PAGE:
ABSTRACT: Henoch-SchÃ¶nlein purpura is an acute, systemic, immune complex-mediated, leukocytoclastic vasculitis. It is characterized by a triad of palpable purpura (without thrombocytopenia), abdominal pain, and arthritis. Most patients have an antecedent upper respiratory illness. More than 90 percent of Henoch-SchÃ¶nlein purpura cases occur in children younger than 10 years; however, adults with this condition are more likely to experience complications than children. All patients with Henoch-SchÃ¶nlein purpura develop a purpuric rash, 75 percent develop arthritis, 60 to 65 percent develop abdominal pain, and 40 to 50 percent develop renal disease. Because Henoch-SchÃ¶nlein purpura spontaneously resolves in 94 percent of children and 89 percent of adults, supportive treatment is the primary intervention. Oral prednisone at 1 to 2 mg per kg daily for two weeks has been used to treat abdominal and joint symptoms. A meta-analysis found that corticosteroid use in children reduced the mean time to resolution of abdominal pain and decreased the odds of developing persistent renal disease. Early aggressive therapy with high-dose steroids plus immunosuppressants is recommended for patients with severe renal involvement. Long-term prognosis depends on the severity of renal involvement. End-stage renal disease occurs in 1 to 5 percent of patients.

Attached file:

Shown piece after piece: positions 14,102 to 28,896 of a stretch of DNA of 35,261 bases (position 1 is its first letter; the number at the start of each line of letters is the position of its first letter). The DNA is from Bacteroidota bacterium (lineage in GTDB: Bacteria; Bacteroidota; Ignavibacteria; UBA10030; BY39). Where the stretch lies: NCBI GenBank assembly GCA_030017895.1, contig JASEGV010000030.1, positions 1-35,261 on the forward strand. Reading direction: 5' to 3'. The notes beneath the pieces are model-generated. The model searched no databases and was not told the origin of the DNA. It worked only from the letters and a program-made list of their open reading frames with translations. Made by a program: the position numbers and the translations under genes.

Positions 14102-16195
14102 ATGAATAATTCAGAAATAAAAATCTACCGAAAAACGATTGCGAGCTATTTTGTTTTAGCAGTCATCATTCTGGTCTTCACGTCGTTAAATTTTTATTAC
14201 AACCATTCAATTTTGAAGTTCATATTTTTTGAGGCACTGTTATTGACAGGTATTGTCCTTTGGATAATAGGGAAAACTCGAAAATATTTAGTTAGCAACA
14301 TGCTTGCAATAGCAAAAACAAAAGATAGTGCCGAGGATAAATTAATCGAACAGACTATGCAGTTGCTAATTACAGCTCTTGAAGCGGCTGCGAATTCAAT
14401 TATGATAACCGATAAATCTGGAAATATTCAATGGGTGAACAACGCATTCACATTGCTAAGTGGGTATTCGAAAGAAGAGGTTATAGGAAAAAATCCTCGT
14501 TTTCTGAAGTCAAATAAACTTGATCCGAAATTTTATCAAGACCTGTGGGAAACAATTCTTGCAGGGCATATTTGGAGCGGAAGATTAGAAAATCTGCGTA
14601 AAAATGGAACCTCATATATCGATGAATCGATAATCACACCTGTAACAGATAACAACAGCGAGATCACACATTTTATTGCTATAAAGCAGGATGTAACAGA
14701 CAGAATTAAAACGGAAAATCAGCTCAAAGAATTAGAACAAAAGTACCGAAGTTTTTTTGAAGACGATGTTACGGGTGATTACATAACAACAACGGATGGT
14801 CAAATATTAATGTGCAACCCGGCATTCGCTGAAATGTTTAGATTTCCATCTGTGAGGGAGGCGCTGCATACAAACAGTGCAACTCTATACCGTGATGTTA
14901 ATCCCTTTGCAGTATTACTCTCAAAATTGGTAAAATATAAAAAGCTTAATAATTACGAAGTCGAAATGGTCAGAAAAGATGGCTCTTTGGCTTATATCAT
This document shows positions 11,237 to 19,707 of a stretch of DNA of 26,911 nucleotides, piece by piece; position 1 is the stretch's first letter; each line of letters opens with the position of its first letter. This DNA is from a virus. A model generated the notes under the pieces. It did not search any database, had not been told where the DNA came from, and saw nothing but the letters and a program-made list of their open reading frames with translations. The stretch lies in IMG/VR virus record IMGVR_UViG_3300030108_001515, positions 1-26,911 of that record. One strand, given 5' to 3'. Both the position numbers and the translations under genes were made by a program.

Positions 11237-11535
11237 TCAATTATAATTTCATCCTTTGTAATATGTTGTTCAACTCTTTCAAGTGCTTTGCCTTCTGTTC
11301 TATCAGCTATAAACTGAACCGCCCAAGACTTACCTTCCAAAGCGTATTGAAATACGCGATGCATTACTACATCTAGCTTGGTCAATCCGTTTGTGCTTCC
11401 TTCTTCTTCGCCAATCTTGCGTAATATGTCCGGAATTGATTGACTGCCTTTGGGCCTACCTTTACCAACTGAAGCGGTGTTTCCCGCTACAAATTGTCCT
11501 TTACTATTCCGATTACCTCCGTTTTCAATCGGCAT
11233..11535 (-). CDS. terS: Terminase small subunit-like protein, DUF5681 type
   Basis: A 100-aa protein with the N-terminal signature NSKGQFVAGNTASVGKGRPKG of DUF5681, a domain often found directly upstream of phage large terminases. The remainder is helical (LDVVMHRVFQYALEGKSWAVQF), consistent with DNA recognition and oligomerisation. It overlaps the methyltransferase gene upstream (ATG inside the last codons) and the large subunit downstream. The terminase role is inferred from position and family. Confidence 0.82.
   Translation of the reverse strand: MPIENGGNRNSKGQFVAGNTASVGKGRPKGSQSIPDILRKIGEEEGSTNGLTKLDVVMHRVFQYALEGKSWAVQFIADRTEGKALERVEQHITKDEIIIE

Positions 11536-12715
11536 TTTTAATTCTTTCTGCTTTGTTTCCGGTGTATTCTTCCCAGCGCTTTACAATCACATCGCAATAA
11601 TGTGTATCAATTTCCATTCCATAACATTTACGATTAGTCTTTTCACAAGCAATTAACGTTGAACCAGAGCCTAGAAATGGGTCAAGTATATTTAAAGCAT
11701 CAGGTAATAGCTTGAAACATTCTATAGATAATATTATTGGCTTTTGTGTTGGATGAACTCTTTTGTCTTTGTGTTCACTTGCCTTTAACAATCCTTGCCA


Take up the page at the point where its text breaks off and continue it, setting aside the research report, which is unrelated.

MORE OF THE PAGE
Back Rash - Photo Quiz
Common Questions About Bell Palsy - Article
ABSTRACT: Bell palsy is an acute affliction of the facial nerve, resulting in sudden paralysis or weakness of the muscles on one side of the face. Testing patients with unilateral facial paralysis for diabetes mellitus or Lyme disease is not routinely recommended. Patients with Lyme disease typically present with additional manifestations, such as arthritis, rash, or facial swelling. Diabetes may be a comorbidity of Bell palsy, but testing is not needed in the absence of other indications, such as hypertension. In patients with atypical symptoms, magnetic resonance imaging with contrast enhancement can be used to rule out cranial mass effect and to add prognostic value. Steroids improve resolution of symptoms in patients with Bell palsy and remain the preferred treatment. Antiviral agents have a limited role, and may improve outcomes when combined with steroids in patients with severe symptoms. When facial paralysis is prolonged, surgery may be indicated to prevent ocular desiccation secondary to incomplete eyelid closure. Facial nerve decompression is rarely indicated or performed. Physical therapy modalities, including electrostimulation, exercise, and massage, are neither beneficial nor harmful.